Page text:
👍What’s Not to Like?👎 Social media’s impact on health care

👍What’s Not to Like?👎 Social media’s impact on health care

Used by over 5 billion people worldwide, social media has opened up a new frontier for health care. To understand its effects on health care and health care professionals, we spoke to some of our Cigna Healthcare experts who have experience as clinicians, surgeons, pharmacists, and mental health professionals for their insights and experiences.
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Used by over 5 billion people worldwide, social media has opened up a new frontier for health care. To understand its effects on health care and health care professionals, we spoke to some of our Cigna Healthcare experts who have experience as clinicians, surgeons, pharmacists, and mental health professionals for their insights and experiences.

Spread of misinformation

Our frontline professionals’ first observation was often about misinformation. They now frequently meet with patients who have searched social media or online for advice before their appointment. In a 2020 survey of young people (15-35 years old) experiencing mental health issues, 81% turned first to the Internet with the onset of symptoms, while many preferred using the Internet (41%) to asking a professional (43%).

Dr Tony Leung, Head of Clinical, Hong Kong has experience of encountering people with heavily pre-conceived ideas about their condition: “Patients often enter a consultation room with pre-determined expectations based on what they’ve read or ‘researched’ via social media. While this is not unlike the earlier ‘Dr. Google’ trend, social media has spawned a new trend of ‘short-form’ research that misses out key facts. Social media is great at drawing attention to an issue, but it’s not always well placed to provide complex information. Patients’ thought processes are often already framed by highly curated social media posts, making it more difficult to combat pre-conceptions.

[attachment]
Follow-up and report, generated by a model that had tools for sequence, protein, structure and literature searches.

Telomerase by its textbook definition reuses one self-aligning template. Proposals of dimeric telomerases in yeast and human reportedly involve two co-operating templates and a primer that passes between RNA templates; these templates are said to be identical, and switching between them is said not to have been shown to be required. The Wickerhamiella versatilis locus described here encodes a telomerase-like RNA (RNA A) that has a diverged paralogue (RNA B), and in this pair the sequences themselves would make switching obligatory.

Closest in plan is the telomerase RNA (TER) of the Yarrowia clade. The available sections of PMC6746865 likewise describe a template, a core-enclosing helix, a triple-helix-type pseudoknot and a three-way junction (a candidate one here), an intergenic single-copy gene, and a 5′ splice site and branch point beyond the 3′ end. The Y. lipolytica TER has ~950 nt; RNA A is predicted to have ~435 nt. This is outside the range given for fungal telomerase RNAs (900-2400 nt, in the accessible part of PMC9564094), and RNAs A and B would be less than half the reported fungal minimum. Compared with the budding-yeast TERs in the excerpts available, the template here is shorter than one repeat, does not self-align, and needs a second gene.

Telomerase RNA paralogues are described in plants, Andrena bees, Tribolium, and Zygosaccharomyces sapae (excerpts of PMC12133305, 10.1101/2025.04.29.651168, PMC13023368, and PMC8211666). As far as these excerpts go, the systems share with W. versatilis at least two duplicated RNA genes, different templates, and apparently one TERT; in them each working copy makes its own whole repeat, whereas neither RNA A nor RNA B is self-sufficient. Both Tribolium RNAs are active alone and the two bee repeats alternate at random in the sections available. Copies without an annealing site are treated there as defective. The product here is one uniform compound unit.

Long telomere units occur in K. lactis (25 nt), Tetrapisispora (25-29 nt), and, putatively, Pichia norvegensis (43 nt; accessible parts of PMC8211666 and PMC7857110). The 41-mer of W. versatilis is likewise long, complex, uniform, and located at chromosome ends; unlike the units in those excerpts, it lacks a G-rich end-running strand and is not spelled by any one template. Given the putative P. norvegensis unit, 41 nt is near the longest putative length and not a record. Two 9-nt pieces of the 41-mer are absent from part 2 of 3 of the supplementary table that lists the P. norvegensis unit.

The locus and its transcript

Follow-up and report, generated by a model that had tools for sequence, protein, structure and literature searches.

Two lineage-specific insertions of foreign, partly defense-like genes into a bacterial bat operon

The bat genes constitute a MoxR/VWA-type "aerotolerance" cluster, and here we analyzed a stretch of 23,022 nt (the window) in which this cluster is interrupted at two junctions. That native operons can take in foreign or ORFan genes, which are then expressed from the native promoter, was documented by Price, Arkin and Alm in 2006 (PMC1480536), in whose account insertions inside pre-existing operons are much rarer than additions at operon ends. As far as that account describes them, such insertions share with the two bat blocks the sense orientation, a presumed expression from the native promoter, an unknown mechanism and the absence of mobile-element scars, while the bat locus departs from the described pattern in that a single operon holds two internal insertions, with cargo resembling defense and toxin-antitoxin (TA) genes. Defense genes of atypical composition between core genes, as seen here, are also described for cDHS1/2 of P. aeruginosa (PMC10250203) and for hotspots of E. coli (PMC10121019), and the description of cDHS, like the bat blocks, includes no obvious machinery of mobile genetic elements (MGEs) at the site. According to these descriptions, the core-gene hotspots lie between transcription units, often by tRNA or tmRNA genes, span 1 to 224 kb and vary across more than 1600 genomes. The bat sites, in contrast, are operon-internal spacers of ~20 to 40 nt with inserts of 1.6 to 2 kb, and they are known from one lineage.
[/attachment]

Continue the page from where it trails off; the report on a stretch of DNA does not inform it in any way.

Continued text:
As the health care community knows only too well, social media is often the ideal vector for misinformation. A 2022 systematic overview by the WHO of worldwide reviews on “infodemics” and health misinformation found that up 50% of social media posts about vaccines contained false information, as did up to 60% of those about pandemics. At the same time, between 20-30% of YouTube videos about emerging infectious diseases contained inaccurate or misleading information.


Dr Valeria Campozano-Cruz, Medical Advisor, North America says, “It’s common to have patients who’ve already reviewed every blog and article related to their condition. I usually encourage patients to do this but direct them to reliable sources of information. Unfortunately, that’s not always the outcome. For example, we have patients with diabetes relying on Facebook posts or a neighbor’s text about how insulin shots will make them blind.

Unscientific misinformation and marketing can be especially prevalent and/or damaging in particular areas, as Dr Marco Franceschin, International Medical Advisor, Cigna European and Global Segment Integrated Health Team, told us, identifying mental health and obesity as particular areas of concern. He is especially alarmed by the rise of non-scientific treatments like homeopathy to treat these and other conditions. “In the ‘post-truth’ era, more and more people are skeptical about scientific data and doctors’ decisions, looking for their own answers. We need to spread a scientific mentality in the population, giving them the right tools to understand how doctors and scientists in general, think and use references for the decision process. Education always comes first,” he says.

Dr Lior Baruch, Medical Principal, Americas reflects on how easily falsehoods can spread: “People can contribute to misinformation just by absorbing and sharing short and appealing videos without validating them. It’s just like gossip: you either recognize the danger or risk becoming a victim of it.

Self-diagnosis and self-medication